Mountain Management Division
In the Mountain Management Division we are engaged in educational research regarding forest management and its utilization, including forest disaster prevention and wood resources mainly in the Chubu area mountains. We undertake practical application of the basic science of the Mountain Comprehension Division.
Natural disaster prevention and reduction
We are working on a broad range of issues related to climate change, including the fixed amount of carbon dioxide in the forests and its circulation, the melting of permafrost and soil erosion in Japan and around the world, and water resources and the water environment at the source areas in the mountains. We hope to provide knowledge that will be beneficial to understanding the climate and mountain environment relationship and methods for its management through these issues. Japan’s central mountainous region and its surroundings are home to some of the highest elevations in Japan. The mountains that make up this area near Japan’s central fault line are characterized by their extreme steepness and brittleness and the mixture of mountains formed from volcanic activity mixed among them. Scientific efforts in mountain disaster prevention are very important in an area such as this. Our efforts toward landslides that frequently occur in steep mountainous areas scientifically elucidate their mechanism and we are conducting educational research that incorporates on-site observation and experimentation. In addition, in a country like Japan with a large number of volcanoes, responsive measures to landslides are a necessity, as are conservation activities that harmonize with the surrounding environment. Here, we are addressing this issue starting with elucidating vegetation succession and the factors that define it. In addition to thorough field observation, we are broadening the range of education research by conducting simulations based on those observations.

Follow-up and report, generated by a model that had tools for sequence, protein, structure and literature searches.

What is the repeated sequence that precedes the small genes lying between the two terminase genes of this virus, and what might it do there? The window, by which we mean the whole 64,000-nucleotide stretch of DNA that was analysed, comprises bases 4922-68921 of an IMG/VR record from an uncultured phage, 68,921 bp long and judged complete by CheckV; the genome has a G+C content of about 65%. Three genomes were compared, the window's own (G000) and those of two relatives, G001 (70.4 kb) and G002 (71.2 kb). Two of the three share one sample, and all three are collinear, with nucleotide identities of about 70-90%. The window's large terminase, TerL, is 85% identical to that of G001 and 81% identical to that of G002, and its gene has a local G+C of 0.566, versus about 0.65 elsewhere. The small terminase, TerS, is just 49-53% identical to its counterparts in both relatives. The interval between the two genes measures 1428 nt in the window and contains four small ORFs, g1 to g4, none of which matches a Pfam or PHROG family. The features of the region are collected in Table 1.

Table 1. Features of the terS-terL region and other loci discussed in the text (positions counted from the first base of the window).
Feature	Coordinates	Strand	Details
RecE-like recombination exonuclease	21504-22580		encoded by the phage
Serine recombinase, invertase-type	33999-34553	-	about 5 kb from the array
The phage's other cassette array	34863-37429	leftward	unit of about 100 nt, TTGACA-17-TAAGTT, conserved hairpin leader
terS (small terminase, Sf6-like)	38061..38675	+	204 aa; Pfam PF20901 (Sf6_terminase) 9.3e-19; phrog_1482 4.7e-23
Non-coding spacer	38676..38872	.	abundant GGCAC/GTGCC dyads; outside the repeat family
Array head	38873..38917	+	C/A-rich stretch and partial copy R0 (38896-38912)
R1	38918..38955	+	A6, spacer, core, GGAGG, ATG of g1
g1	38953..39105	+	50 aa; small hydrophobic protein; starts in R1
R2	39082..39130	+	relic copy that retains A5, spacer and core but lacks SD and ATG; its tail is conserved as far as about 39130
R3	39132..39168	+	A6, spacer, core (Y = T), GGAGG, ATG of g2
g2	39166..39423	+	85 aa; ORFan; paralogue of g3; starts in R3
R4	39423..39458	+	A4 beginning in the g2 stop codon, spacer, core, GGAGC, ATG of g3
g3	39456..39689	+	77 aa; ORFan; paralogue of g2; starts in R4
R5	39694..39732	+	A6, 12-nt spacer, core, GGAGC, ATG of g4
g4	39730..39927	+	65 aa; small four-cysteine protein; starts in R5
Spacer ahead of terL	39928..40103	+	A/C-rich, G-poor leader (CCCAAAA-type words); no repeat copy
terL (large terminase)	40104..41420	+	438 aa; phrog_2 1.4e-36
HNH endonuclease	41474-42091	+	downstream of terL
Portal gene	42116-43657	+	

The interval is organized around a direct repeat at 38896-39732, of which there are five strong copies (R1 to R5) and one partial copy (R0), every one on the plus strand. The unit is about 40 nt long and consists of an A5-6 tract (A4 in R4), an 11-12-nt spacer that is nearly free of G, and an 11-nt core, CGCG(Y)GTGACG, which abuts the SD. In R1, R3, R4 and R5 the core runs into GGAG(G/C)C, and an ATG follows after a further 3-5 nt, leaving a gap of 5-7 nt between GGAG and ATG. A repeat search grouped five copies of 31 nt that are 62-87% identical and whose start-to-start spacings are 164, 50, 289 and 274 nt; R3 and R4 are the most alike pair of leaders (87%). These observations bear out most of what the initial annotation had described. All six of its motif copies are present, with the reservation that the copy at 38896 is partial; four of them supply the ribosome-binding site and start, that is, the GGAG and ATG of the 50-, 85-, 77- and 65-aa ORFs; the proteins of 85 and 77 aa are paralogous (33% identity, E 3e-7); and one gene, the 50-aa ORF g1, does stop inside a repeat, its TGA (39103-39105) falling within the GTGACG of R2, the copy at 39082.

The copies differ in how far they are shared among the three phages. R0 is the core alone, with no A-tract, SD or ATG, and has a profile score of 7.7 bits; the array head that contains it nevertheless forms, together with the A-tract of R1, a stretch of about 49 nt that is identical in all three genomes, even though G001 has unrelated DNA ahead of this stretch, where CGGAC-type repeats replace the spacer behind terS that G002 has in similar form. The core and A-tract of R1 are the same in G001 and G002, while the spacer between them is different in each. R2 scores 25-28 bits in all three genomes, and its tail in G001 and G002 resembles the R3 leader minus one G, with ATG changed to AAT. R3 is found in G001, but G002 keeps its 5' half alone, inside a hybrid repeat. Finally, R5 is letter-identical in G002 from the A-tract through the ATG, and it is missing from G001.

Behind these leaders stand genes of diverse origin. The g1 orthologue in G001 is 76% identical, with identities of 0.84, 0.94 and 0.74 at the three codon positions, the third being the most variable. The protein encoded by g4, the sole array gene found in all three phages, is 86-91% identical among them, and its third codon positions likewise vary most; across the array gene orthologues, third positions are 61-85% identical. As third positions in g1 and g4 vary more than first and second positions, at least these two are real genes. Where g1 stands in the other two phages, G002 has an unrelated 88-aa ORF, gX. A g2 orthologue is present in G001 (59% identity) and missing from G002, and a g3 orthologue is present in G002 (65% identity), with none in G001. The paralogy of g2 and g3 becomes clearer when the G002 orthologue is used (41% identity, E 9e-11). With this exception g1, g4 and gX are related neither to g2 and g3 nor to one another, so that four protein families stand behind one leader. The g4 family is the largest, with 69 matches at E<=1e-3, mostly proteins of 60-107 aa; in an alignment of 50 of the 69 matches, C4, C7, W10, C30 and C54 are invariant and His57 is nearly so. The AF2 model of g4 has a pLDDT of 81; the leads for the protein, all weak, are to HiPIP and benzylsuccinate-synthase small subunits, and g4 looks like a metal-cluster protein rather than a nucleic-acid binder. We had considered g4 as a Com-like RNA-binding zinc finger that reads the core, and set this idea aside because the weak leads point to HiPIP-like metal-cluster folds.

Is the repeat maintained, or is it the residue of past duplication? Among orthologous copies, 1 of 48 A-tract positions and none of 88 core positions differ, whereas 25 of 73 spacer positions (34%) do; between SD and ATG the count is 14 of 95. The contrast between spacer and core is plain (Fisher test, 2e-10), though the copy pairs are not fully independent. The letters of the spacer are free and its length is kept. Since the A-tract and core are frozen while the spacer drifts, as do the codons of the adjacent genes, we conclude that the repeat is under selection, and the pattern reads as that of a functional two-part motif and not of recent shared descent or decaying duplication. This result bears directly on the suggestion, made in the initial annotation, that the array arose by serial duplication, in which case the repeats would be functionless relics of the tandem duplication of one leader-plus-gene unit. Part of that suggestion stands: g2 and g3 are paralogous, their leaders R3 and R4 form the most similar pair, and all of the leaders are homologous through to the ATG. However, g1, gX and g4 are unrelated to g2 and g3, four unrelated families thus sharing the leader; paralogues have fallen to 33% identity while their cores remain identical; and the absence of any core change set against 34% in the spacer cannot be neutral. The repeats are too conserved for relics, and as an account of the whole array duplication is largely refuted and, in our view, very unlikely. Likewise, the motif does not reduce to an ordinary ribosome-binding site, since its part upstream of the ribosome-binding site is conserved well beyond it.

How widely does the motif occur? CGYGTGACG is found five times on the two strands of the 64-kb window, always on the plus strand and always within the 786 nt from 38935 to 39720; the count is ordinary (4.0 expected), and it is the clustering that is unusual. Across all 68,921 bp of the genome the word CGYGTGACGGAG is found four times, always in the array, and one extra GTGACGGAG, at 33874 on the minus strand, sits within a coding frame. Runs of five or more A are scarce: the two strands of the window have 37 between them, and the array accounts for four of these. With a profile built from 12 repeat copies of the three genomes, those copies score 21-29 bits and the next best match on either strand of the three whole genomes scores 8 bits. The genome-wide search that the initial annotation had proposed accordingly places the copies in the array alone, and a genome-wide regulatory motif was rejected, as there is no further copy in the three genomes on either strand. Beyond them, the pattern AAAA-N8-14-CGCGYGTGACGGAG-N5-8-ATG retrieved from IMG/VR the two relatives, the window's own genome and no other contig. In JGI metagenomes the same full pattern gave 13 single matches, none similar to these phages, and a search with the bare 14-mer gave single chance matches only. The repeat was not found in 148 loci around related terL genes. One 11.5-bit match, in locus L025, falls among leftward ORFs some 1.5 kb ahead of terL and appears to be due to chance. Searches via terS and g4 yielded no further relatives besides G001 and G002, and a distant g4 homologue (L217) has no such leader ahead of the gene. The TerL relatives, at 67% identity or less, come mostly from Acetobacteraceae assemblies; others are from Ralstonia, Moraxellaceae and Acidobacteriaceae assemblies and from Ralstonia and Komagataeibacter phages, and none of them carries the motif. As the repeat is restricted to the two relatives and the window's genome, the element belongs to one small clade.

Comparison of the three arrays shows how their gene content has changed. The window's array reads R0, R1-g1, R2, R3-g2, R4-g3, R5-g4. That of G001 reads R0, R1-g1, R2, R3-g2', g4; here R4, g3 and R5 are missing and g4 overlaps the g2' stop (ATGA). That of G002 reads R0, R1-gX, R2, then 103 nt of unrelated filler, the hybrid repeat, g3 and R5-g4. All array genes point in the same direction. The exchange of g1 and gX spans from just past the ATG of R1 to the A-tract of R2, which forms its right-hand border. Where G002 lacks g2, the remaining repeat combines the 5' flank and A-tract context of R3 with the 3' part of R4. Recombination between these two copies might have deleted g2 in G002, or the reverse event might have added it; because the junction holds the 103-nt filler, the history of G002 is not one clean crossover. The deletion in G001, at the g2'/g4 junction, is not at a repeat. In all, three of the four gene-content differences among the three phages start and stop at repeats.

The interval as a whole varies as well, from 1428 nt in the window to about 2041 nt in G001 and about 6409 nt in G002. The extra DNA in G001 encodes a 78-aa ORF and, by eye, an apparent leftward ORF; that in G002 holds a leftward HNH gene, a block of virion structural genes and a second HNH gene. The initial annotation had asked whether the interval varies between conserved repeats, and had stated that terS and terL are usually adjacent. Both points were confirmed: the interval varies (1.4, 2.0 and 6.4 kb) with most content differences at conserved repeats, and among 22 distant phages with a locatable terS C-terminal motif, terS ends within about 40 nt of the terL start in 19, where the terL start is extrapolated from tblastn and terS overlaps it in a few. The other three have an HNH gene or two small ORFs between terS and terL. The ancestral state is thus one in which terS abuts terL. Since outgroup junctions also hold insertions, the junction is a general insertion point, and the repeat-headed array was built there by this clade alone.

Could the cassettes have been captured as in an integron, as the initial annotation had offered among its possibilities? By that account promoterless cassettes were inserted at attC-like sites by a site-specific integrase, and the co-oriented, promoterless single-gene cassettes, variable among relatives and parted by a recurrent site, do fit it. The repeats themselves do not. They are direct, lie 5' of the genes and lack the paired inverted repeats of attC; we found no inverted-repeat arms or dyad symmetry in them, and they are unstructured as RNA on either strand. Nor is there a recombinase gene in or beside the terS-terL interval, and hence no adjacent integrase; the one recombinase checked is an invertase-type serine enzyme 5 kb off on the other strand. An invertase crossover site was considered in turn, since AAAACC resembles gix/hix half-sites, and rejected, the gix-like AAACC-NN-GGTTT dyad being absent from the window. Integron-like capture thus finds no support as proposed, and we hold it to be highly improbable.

The forest at the Mountain Science Center’s Ikawa Forest Station where landslides frequently occur on the steep mountain surface.
Vegetation on Mt. Asama’s surface beginning to recover after a volcanic eruption.
Forest Management and Usage
While there are abundant forests in Japan’s central mountain region, many of those forests are not well managed. In addition, they suffer serious damage from wildlife. We are working on proposals to manage the forests aimed at an optimal solution for timber production and countermeasures against wildlife damage, taking into consideration what is most suitable for the land and the trees.
In terms of our forest usage activities, in addition to aspects such as forest resources, we also delve further into research regarding tourism in mountainous regions, and we have also been working on issues regarding the relationship between climate change and tourism in mountainous regions. We are studying ways to manage mountainous regions using tourism within forest ecosystem services.
Bark damage from Asian Black Bears in a hinoki cypress forest.
The Chichibu mountains and Yatsugatake from the peak of Mt. Kobushi.